Slideshow: Amsterdam design studio Denieuwegeneratie have buried a woodland villa beneath a mound of earth at a Dutch nature reserve.
The manmade hill disguises the building on its northern facade and creates a blanket of insulation around the walls during colder months.
Entitled Dutch Mountain, the house emerges from the hill on the southern and western sides, where a panelled wall of glazing folds around a staggered living room and kitchen.
Bedrooms, bathrooms and utility rooms are stacked up at the rear of the house in front of an exposed concrete wall that separates them from the piled-up earth behind.
A reconditioned car with its engine removed is positioned vertically against the walls of the kitchen to function as a bookshelf and cabinet.
We've featured a few interesting Dutch houses on Dezeen over the last few years - see them all here.
Here's a description of the project from Denieuwegeneratie:
The house is located on a historical agricultural plot amidst hayfields and woods in a nature reserve, a - for Dutch standards - hilly area. Although the plot has been overrun with small trees in time, it still bears the original character of the open field.
To minimize disturbance of the landscape and as a reference to the surrounding hilly terrain, the house is embedded in an artificial hill. At the same time, this answered the client’s demand for keeping his ecological footprint with the house to a minimum.
The embedding in the hill simultaneously functions as camouflage and as a blanket, hiding the house from view from the north side and using the earth as thermal insulation. One enters the house through cuts in the mountain, sided with panels of slowly corroding scrap steel.
On the south side, the house has been opened to a maximum. The grand glass facade is framed in timber, which guides the transition from the artificial to the natural. The canopy regulates sunshine through the seasons and allows for a large terrace along the full width of the house.
The terrace follows the split level of the ground floor, jumps up to the higher west façade creating a henhouse underneath. Finally, it curls back up to become the canopy. The frame is constructed out of lark wood, forested from the immediate surroundings and therefore making it a hyperlocal use of material.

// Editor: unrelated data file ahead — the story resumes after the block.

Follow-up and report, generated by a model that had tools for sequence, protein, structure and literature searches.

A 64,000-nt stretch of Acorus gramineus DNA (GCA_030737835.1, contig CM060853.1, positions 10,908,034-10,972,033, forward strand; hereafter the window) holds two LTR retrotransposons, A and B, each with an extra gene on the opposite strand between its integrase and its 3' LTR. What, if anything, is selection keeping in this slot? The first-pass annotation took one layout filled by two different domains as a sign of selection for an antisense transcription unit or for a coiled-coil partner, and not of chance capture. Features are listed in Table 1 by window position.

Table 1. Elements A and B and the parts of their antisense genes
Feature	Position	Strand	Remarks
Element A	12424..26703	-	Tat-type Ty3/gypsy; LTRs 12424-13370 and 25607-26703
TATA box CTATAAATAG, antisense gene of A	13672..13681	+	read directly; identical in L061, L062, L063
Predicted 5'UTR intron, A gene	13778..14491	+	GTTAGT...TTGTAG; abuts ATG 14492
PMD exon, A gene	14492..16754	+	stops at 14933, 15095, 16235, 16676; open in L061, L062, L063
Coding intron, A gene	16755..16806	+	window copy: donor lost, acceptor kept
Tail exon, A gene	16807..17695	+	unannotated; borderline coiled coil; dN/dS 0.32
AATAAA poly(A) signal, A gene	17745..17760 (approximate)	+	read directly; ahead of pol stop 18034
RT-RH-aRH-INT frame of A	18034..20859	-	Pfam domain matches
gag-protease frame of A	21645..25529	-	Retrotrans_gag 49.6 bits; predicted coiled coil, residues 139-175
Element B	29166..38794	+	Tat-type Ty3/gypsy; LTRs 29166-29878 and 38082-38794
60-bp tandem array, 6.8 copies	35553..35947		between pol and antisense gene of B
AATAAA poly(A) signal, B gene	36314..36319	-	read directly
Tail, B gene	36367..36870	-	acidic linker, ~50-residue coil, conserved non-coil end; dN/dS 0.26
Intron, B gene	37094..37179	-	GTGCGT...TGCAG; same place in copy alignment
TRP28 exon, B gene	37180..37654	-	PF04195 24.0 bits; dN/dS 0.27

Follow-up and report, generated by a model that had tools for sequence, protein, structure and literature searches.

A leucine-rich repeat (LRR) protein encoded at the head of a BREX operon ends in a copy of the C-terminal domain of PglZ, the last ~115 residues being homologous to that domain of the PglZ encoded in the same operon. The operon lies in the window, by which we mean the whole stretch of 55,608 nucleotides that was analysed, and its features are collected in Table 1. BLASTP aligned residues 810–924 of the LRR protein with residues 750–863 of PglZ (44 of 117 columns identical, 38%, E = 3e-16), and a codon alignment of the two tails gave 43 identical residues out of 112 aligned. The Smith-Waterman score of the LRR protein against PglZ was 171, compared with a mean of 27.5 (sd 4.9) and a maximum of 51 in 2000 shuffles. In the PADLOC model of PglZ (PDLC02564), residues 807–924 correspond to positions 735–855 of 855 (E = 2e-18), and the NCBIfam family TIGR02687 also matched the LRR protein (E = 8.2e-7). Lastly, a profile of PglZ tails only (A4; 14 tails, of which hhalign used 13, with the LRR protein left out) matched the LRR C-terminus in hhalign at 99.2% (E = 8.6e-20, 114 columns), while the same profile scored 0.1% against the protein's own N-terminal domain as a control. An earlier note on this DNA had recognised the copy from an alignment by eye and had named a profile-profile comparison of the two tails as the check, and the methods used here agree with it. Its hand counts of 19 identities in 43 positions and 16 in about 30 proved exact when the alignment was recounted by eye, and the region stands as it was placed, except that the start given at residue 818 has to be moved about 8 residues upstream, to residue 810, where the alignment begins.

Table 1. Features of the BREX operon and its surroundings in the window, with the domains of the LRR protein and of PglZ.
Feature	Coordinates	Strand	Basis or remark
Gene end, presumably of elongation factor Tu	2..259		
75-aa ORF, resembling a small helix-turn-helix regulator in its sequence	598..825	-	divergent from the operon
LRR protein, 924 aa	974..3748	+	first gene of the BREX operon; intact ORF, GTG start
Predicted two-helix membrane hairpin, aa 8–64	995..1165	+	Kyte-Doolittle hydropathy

Detailing creates a seamless transition between the interior and the exterior: the concrete floor, window frames and terrace finishing are all flush and continuous from inside to outside.
The spatial structure of the house is a rectangular 12 x 19 meter open space. Steel cross the entire 12 meter width allowing great flexibility to the interior arrangement. Inside the hall-like space, the rooms are stacked in a disorderly manner and built out of light wooden structures, facilitating easy implementation of possible future changes. The interior can evolve along with its inhabitants, a young family, rooms being added or removed through time.
There is a binary spatial experience in the house. Either you are in a room, with a cave-like atmosphere, daylight coming to you through deep cuts in the mountain - or you are in the large open space in front of the stacked rooms. This large space is oriented towards the 90 m2 glass facade which offers a spectacular view of the surrounding woods.
The contrast between shell and rooms is clearly visible. The concrete wall, needed to retain the mass of the mountain, is left unfinished. The welding joints of the steel spans are visible and the wood is untreated. Within this rough shell of untreated construction materials, the stack of rooms tells a completely different story: every room is finished by the inhabitants in a unique and colorful way, which expresses the individuality of the boxes.
The design is an experiment in sustainable strategies in both architecture - the hardware – and the technical installations - the software – which have been designed by Arup Amsterdam. The software concept consists of photovoltaics, LED lighting, wood pellet heating in combination with low temperature heating, CO2 monitored ventilation, a grey water circuit and the use of smart domotics. The result is a house in which the total amount of energy produced exceeds its consumption: excess energy can be used for a electric car.
The house is bold and unpredictable: an experiment in sustainable strategies in concept, structure, material and technical installations. A house that blends quietly in its surroundings, but stands out with spatial surprises.